Many now are familiar with Inverted Edge Tactics. It is actually only a part of our over all Inverted Theory concept. This is what separates the MCS system from others that advocate the inverted edge. We use Inverted Theory to train open hand combatives in addition to contact distance weapons, like impact weapons and edged weapons for self-defense. Notice, I said contact distance weapons. To use these weapons two things are needed-
* The attacker has to be attacking you, thus extending himself towards you, Law of Extension.
* You need to be within contact distance of your attacker, including the distance of your weapon.
The basis of the Inverted Theory is that we train to react from the natural position of the hands, down at your side. The reason is that during an attack your hands will be coming up. This is key because your attacker’s arms will likely be extended towards you. Especially, during the initial attack. Think about it, whenever we are locked up with someone, it is either your hands or their hands on top and bottom.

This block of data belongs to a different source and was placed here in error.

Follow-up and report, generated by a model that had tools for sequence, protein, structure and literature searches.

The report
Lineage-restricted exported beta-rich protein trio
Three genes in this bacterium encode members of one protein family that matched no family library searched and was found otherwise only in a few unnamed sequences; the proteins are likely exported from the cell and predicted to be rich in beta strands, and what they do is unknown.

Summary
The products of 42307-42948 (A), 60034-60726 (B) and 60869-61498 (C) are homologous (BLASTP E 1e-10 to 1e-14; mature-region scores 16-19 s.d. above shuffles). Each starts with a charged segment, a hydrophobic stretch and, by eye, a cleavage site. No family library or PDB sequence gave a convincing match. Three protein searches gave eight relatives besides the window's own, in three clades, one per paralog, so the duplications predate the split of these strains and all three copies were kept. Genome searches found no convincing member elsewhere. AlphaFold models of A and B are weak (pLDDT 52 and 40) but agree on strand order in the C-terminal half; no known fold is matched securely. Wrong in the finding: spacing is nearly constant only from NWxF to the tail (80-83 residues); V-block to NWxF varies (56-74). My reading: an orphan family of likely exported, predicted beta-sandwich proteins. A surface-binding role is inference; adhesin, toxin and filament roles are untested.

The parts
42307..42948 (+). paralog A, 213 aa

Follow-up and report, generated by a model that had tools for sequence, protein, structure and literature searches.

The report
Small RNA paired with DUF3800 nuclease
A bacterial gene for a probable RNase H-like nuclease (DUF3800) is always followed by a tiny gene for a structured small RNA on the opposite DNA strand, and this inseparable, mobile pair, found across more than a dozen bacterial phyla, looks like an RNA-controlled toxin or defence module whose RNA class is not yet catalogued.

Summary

We know that under hooks are a key in grappling. For sport they allow us to move to our opponents back. In combat, they allow us to move to our attacker’s outside. This puts us in a better position and offers protection for your center.
By using this natural body reaction, we are able to use a classic teaching principle, using the known to teach the unknown. This is key when teaching those with little to no experience. Not only does it cut down on training time, but it builds confidence and that motivates learning.
More and more we have MCS Alumni bringing their spouses and children to courses, knowing that they need to be able to protect themselves and will likely only dedicate a short time to do it. What they find out is that by building early confidence, their family usually wants more.
As for those with previous training, there is a fixation with using their tool box and holding onto and fighting an attacker, instead of fighting to safety. This is senseless unless you are duty bound.
Too much training is geared toward the prolonged, drawn out fight instead of how to end an altercation as fast as possible.